ACLJ: Obamacare Contraceptives Rule ‘Blatantly Unconstitutional’ -- 70,000 Sign Petition to Reverse Reg

By Elizabeth Harrington | February 22, 2012 | 5:31 PM EST

HHS Secretary Kathleen Sebelius and President Barack Obama at the White House on Feb. 10, 2012. (AP Photo/Susan Walsh)

( – The American Center for Law and Justice (ACLJ) and almost 70,000 Americans are urging the Department of Health and Human Services (HHS) to reverse its controversial mandate that requires all health insurers to offer sterilizations and contraceptives, including those that induce abortion, free of charge because it potentially is a violation of religious liberty under the First Amendment.

Along with the petition, the ACLJ sent a legal analysis to HHS Secretary Kathleen Sebelius on Feb. 21 that finds the mandate “blatantly unconstitutional.”   The legal group says the regulation violates the First Amendment and the Religious Freedom Restoration Act (RFRA), which protects individuals and institutions’ right to freely exercise their religion against burdensome laws.

Thus far, 68,794 people have signed on to the “Defend Religious Liberty – Stop Forced Abortion Pill Coverage” petition that states, “The Obama Administration has launched an all-out assault on people of faith.”

“These regulations clearly violate religious liberty and the conscience rights of millions of Americans,” said Jay Sekulow, chief counsel of the ACLJ, the conservative alternative to the American Civil Liberties Union (ACLU), in a press release.

As part of Obamacare, the HHS rule was finalized on Jan. 20, sparking nationwide opposition from religious organizations, most notably the U.S. Conference of Catholic Bishops (USCCB), and at least 158 members of Congress.

President Obama then announced an “accommodation” to the mandate on Feb. 10, stating,   “Today, we’ve reached a decision on how to move forward.  Under the rule, women will still have access to free preventive care that includes contraceptive services -- no matter where they work.  So that core principle remains.  But if a woman’s employer is a charity or a hospital that has a religious objection to providing contraceptive services as part of their health plan, the insurance company -- not the hospital, not the charity -- will be required to reach out and offer the woman contraceptive care free of charge, without co-pays and without hassles.”

This frame grab from video shows a box of Plan B morning after pill. (AP Photo)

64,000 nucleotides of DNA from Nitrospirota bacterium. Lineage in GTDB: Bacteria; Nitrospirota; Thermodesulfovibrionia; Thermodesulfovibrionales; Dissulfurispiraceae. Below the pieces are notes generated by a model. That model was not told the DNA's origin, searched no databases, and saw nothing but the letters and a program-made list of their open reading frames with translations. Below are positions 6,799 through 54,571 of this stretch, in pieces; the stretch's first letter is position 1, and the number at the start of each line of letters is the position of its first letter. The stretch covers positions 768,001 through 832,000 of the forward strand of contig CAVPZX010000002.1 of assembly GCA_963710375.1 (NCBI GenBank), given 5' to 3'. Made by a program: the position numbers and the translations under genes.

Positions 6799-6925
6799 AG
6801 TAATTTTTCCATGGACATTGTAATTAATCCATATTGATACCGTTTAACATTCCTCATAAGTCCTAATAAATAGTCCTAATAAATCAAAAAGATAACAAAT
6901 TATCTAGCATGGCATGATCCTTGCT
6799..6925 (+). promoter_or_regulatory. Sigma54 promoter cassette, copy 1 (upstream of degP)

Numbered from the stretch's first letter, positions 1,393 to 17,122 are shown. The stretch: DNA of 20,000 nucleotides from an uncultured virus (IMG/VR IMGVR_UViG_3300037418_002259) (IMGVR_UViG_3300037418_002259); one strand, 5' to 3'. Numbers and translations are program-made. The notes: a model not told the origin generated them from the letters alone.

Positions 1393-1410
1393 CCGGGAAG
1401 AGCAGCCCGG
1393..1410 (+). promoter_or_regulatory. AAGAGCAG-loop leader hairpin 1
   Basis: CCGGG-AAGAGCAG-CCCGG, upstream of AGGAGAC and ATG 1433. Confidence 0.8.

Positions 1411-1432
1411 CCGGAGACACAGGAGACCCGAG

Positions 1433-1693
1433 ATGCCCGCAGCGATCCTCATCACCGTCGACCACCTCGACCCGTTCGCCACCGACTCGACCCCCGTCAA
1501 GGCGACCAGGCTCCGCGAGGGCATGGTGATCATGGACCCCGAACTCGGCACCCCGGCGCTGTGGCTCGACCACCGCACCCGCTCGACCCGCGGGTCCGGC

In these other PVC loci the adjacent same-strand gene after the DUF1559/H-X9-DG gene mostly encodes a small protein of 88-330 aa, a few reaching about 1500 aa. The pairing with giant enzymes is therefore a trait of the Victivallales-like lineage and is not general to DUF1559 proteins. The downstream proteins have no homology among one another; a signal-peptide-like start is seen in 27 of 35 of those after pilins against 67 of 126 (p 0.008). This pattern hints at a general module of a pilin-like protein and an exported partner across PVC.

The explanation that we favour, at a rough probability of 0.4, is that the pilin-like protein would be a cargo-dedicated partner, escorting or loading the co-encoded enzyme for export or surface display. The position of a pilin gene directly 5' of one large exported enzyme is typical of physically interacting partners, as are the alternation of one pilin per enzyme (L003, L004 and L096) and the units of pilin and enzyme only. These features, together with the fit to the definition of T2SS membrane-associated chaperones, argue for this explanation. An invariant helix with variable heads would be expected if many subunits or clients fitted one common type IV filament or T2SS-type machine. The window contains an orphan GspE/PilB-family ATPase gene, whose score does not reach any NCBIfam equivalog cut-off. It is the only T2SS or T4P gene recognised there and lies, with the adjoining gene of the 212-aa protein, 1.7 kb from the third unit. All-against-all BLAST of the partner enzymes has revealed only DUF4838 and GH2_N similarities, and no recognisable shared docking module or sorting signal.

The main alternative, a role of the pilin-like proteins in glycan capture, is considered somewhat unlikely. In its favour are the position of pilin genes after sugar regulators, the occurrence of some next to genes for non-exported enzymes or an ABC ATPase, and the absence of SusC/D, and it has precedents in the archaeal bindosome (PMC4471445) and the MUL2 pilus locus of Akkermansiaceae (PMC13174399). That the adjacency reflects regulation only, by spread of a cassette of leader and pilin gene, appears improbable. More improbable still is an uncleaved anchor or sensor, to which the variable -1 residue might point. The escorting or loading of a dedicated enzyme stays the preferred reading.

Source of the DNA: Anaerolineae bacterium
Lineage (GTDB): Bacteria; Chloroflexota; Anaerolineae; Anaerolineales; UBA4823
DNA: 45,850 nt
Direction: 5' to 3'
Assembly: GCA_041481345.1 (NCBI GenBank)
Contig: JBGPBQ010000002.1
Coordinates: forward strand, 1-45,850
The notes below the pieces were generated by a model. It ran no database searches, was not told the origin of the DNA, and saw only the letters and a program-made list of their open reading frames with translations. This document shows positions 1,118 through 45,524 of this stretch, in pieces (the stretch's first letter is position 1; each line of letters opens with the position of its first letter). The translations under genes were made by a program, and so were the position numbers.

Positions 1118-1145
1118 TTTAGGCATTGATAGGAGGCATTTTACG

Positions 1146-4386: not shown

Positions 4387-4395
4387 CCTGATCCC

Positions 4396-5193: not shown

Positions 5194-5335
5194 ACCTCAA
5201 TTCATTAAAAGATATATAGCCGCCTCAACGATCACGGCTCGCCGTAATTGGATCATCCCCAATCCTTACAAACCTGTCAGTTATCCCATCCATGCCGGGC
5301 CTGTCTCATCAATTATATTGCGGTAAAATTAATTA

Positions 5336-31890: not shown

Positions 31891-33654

With this apparent accommodation, all health insurers will have to offer sterilizations and FDA-approved contraceptives, including those that induce abortion, such as the drug “ella.” Individuals or employers who object to those services for religious reasons will not pay for them directly for other people, but they will indirectly subsidize them through their health insurance premiums.

The ACLJ says the compromise is “smoke and mirrors,” and religious institutions will still directly pay for services they find unconscionable.

“The promised ‘accommodation’ is, in effect, a smoke and mirrors game that shifts the burden from employers to violate their conscience by paying for contraceptives directly to making them pay ‘indirectly’ through insurance providers,” states the group’s legal analysis, written by Sekulow.  “There is no choice.”

“If an employer provides insurance coverage for its employees, the only option is to pay an insurer that provides contraceptive coverage,” Sekulow writes.  “Thus, employers still directly fund contraceptive coverage in violation of their religious beliefs.”

Moreover, the ACLJ said the final regulation featured no such “accommodation” language when it was published in the Federal Register on Feb. 14.

Catholics attending Mass. (AP Photo.)

The legal group further argued in its analysis that the regulation violates the Free Exercise Clause of the First Amendment, and is “blatantly unconstitutional” in regards to its religious-employer exemption.

HHS offers a very narrow exemption for religious institutions whose primary mission is to inculcate religious values, and that primarily employs and serves people of its own faith.  The exemption, therefore, does not apply to Catholic hospitals or charities.

“The ‘religious employer’ exemption puts into the hands of anonymous HHS officials the power to determine which activities of a church or religious group are truly ‘religious,’ and thus deserving of protection, and which are merely ‘secular,’ and thus subject to regulation,” states the ACLJ analysis.  “This is blatantly unconstitutional.”

The HHS rule will go into effect on Aug. 1 and gives religious institutions an additional year to comply.  If organizations do not abide by the mandate they will face a fine that equals $40,000 a year for a company with 50 employees.

“By making religious employers pay this fine if they do not wish to violate their religious beliefs, the government has placed a substantial burden on their free exercise,” said the ACLJ.  “At the core of our First Amendment is the right to freedom of religion.”

“Employers are not free when they are forced to pay a fine for practicing what is at the very core of their beliefs,” said the group’s statement.